Wrapping Up: A Few Thoughts on Blogging a Novella

Yesterday I released the last episode of my novella, 38 Years Old (Never Kissed a Girl) here on my blog. If you want to know how it all started, or need an index to specific chapters, please jump back to my original announcement.

I thought I’d post a few quick notes on this experiment. Hopefully this will help others to decide if this is a good approach to take for one of their stories.

1) Thanks to readers like Jason Black, I was able to make some improvements to the story as a result of publishing it. I wasn’t able to make all of the improvements he suggested (some of the structural changes would have forced major changes to the plot including chapters already published). But because it was published on-line, I was able to fix simple issues (the typos, word choice issues, etc.) quickly, and improve the reading experience for future readers. This is definitely something you can’t do in a regular book, but I would also hope that I wouldn’t have these types of issues by the time something goes to print, since I would definitely hire a professional editor prior to publication.

2) The hard part about publishing something online is getting people to read it. Unless you already have a very large daily readership or Twitter following, just publishing something for free doesn’t mean more people will find you. Getting word out on your effort via social media can feel like you’re spamming all of your friends. If you are not comfortable with sending out tweets at least a couple of times a day, don’t count on a sudden flood of traffic to your blog. I tried a number of different hashtags in my marketing efforts, including: #writing #reading #free #TragicalllyHip (since this was a fanfic novella) #fanfic #webfic #amwriting and #fridayreads. A couple of times I noticed bumps in my website traffic after one of these tweets, but nothing jumps out at me as a sure-fire way to draw in more readers. I did get lucky in that John Scalzi had an Open Promotion thread on March 15th, and I was able to jump on that. A significant number of people found me through that post. (Thanks, John!)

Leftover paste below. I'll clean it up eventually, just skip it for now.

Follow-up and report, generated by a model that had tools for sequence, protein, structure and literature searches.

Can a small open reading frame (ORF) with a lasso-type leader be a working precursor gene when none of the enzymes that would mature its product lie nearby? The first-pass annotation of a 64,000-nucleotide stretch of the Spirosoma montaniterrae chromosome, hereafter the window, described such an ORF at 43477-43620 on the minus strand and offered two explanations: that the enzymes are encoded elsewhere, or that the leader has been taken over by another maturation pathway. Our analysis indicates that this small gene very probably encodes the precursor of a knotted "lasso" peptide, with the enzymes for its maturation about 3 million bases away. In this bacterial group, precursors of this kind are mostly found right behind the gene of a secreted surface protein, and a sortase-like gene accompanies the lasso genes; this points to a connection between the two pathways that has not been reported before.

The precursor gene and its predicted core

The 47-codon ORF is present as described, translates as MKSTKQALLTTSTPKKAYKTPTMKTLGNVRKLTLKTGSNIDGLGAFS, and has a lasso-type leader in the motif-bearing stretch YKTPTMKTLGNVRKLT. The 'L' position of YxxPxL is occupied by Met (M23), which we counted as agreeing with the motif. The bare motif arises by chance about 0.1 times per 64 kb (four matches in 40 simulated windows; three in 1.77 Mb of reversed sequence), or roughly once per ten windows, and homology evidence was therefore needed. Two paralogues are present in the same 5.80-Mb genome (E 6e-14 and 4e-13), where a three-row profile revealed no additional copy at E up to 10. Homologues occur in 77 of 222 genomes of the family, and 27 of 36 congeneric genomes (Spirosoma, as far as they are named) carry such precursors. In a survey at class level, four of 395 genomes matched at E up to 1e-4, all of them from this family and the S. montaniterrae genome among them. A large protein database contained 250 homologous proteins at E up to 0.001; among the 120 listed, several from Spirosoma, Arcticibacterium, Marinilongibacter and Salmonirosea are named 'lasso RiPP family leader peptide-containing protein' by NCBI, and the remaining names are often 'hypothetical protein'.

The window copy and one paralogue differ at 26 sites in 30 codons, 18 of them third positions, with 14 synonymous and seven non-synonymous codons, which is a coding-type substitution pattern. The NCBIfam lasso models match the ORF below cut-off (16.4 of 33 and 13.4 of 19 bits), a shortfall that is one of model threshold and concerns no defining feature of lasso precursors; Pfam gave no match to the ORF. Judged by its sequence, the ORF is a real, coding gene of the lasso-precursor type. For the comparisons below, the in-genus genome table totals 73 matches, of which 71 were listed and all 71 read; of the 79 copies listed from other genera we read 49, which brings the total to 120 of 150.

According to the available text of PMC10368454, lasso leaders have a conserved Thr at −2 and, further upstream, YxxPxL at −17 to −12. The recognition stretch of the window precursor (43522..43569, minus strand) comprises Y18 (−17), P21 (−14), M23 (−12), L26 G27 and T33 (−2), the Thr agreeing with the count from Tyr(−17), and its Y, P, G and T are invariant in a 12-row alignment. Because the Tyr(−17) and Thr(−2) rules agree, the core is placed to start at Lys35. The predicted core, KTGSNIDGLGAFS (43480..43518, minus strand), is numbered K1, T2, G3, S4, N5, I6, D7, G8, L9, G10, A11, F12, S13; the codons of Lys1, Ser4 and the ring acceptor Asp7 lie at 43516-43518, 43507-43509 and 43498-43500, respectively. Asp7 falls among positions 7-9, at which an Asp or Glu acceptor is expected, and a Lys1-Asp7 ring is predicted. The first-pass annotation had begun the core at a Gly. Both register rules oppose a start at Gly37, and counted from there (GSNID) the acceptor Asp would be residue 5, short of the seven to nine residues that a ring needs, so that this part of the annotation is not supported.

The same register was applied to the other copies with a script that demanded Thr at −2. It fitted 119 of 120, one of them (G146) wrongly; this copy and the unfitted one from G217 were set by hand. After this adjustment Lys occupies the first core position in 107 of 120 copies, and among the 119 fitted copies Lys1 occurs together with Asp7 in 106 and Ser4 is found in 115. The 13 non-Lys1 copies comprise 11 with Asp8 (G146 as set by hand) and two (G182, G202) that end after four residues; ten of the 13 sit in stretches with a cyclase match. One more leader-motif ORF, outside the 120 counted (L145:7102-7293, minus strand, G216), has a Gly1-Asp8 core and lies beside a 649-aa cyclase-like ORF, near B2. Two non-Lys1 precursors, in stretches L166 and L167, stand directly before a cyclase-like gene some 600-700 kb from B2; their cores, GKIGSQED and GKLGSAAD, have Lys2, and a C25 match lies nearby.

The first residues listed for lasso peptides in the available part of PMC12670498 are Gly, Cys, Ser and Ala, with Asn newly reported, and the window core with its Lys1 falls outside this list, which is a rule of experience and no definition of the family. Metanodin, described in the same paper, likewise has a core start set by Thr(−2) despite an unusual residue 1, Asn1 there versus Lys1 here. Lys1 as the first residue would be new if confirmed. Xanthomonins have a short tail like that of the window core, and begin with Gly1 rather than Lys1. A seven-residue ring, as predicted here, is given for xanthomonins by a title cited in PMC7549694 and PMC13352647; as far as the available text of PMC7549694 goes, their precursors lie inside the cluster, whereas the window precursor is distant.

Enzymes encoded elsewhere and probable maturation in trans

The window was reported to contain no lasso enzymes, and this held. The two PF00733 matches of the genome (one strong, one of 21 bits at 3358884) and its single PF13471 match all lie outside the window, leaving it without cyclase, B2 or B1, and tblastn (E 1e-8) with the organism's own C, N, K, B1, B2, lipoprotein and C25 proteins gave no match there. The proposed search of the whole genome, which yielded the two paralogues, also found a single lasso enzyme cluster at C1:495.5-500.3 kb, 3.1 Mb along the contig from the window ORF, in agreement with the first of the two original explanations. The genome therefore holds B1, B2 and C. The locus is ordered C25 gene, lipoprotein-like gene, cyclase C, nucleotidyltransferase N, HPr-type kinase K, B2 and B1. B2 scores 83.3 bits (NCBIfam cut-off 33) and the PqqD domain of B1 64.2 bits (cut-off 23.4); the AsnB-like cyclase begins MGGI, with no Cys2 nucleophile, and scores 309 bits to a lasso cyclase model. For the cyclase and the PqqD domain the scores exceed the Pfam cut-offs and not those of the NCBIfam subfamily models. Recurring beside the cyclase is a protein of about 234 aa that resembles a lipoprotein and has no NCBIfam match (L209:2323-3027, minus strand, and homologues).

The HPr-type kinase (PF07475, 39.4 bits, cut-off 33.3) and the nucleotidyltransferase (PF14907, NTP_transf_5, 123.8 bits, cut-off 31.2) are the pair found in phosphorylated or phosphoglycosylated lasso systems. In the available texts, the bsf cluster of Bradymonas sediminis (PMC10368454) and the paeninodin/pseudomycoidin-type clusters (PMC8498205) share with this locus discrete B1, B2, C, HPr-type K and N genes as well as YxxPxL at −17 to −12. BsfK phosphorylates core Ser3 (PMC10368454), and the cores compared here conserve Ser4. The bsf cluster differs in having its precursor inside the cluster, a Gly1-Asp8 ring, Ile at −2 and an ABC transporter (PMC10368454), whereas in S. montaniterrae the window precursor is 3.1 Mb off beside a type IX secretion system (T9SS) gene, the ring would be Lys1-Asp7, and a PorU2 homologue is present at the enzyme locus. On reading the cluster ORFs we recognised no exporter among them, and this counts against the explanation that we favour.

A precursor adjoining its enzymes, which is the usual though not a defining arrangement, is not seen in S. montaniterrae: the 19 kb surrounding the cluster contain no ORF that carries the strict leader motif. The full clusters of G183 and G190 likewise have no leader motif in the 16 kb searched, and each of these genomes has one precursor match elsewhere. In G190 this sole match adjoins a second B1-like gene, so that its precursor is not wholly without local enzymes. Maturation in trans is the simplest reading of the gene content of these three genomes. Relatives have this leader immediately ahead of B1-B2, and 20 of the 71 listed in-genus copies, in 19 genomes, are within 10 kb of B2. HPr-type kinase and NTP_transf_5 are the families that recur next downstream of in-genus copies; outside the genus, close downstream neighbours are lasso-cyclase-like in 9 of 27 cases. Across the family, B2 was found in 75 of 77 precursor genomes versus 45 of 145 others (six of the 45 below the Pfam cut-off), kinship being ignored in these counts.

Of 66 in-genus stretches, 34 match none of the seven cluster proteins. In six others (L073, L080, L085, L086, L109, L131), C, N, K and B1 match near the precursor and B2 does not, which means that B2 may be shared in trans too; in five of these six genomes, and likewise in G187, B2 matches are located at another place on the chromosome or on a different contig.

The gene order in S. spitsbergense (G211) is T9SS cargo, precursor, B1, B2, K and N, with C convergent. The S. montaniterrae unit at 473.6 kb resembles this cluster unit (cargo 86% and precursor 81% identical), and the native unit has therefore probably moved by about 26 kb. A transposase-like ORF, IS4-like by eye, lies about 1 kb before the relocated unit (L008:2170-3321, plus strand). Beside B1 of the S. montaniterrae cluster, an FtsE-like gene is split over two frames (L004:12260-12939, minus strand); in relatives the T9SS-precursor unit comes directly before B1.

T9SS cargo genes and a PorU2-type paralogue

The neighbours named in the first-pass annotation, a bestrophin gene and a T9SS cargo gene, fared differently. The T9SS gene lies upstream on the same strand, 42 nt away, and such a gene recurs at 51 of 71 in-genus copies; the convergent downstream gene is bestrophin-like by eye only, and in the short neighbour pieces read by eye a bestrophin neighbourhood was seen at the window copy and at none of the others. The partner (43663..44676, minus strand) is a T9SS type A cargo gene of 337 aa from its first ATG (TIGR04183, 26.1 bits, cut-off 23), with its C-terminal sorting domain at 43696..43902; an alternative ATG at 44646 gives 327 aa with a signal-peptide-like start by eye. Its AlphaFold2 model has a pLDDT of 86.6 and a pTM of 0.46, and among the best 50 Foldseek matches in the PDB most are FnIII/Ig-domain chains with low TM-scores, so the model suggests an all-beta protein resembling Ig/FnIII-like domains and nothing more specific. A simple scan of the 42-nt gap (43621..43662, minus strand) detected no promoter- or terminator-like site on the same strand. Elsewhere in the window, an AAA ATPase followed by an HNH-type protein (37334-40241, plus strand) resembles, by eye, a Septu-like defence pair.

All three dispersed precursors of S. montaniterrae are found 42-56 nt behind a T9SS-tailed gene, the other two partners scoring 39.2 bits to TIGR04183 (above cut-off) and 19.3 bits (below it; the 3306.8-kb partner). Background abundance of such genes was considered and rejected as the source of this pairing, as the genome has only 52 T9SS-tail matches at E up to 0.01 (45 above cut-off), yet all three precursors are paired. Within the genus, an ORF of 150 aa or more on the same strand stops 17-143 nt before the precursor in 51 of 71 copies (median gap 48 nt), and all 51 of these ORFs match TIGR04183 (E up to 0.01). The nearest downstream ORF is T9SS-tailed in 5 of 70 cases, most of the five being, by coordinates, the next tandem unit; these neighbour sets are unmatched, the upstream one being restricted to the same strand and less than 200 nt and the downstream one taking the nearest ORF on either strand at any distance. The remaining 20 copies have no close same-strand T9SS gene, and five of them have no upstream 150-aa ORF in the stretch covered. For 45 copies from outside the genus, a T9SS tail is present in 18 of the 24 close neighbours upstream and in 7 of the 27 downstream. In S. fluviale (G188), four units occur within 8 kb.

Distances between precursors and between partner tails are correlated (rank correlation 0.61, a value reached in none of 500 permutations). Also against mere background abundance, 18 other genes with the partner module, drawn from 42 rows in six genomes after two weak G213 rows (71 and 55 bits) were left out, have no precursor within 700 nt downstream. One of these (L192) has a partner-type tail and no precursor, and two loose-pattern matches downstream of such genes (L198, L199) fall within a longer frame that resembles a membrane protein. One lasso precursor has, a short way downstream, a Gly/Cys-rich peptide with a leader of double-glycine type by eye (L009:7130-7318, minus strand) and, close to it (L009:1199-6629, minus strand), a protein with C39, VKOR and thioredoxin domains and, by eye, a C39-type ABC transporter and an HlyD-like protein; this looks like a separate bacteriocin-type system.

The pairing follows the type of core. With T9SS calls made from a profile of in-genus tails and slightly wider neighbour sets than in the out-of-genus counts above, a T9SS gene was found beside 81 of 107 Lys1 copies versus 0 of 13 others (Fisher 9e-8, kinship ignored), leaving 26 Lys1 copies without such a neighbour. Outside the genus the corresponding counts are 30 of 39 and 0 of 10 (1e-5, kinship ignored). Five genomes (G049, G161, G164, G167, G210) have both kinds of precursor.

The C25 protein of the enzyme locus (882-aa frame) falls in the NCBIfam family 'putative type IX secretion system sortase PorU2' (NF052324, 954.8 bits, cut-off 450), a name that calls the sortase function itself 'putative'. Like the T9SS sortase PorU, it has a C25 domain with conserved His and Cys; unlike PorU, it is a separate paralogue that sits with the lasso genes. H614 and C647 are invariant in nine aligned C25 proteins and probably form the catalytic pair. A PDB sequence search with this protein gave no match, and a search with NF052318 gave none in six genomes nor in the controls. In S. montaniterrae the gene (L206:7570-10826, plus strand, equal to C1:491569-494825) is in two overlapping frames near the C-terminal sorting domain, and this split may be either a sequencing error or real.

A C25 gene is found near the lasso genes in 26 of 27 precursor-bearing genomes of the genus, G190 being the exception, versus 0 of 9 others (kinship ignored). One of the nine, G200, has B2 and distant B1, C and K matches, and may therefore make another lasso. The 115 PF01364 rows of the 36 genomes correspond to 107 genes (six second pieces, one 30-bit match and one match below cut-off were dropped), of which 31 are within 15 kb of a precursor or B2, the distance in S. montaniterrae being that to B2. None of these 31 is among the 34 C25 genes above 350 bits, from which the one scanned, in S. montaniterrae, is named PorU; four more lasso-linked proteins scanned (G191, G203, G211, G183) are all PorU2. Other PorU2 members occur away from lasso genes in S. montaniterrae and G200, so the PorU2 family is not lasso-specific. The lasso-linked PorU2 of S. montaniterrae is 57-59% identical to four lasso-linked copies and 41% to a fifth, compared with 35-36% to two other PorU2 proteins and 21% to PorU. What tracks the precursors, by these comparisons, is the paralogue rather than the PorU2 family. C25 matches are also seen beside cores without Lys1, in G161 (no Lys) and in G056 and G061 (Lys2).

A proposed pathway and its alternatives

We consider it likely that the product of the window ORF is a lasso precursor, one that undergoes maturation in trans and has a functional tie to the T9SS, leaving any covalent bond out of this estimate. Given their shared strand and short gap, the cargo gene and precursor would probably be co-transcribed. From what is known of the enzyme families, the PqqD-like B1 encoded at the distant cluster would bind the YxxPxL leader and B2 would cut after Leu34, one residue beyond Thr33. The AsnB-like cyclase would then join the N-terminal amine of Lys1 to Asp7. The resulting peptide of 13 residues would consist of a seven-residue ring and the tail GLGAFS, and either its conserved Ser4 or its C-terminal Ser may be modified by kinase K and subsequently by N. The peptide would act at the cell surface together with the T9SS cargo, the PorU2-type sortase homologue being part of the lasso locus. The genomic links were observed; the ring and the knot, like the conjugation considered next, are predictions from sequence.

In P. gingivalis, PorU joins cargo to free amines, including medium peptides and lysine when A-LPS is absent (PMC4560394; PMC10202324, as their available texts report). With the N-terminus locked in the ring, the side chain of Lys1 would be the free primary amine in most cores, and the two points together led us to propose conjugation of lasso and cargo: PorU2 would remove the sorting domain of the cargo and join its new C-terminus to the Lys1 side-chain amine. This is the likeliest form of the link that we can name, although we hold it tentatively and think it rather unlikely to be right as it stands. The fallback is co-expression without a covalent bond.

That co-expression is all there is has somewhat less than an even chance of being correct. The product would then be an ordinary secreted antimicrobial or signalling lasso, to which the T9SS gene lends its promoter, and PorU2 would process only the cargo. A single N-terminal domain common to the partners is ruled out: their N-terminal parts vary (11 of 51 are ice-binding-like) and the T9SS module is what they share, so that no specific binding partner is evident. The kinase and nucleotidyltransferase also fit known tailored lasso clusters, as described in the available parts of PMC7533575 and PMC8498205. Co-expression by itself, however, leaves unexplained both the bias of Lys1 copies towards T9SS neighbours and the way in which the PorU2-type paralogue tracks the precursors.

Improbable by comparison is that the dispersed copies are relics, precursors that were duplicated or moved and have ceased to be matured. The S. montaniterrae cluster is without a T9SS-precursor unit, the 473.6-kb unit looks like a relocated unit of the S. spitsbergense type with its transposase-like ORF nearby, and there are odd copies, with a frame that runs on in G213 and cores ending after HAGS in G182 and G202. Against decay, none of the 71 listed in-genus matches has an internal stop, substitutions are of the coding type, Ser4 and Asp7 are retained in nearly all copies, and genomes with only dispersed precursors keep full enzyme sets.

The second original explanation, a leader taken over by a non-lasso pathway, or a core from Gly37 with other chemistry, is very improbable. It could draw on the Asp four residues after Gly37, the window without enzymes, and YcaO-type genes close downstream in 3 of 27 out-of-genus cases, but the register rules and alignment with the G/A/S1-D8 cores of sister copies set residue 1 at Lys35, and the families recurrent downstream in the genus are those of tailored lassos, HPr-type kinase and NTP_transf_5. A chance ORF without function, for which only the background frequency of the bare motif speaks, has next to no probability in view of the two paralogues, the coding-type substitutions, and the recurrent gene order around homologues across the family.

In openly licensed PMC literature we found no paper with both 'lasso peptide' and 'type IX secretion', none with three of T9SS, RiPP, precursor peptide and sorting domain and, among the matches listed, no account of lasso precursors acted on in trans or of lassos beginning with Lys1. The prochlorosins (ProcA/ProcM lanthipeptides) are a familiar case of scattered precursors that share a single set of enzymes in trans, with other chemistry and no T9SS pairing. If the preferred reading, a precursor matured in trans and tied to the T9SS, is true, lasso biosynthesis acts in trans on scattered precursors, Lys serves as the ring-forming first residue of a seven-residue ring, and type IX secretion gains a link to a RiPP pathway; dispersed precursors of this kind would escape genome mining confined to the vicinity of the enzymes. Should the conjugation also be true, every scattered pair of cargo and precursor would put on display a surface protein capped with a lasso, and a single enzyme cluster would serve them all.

3) Having constant content on the blog for a two week period did improve the traffic for the website, and did gain me some new readers and subscribers. Normally, I try to publish blog entries every other day, but coming up with original non-fiction content that often is a difficult task. Having an extended period with original fiction took the burden off my shoulders for a couple of weeks and allowed me to focus on other things for a while… like the writing I get paid to do. Since this was a story I had written a while ago, and wasn’t too long, it was a perfect candidate for this experiment.

4) If I do this again, I’ll do it with do with a story specifically written as a serial, with standard episode lengths. I’ll also put a lot more focus on generating suspense at the end of each episode, to pull the reader back the next day.

5) Episodes posted on weekend days generally get much less traffic, but then people who were reading along, went back on Monday and caught up. But, if I were to do it again, I’d probably hold off on the weekend posts, and only do weekday entries to avoid that issue. People are already busy enough on Mondays. Why raise the barrier to consistent readership any further?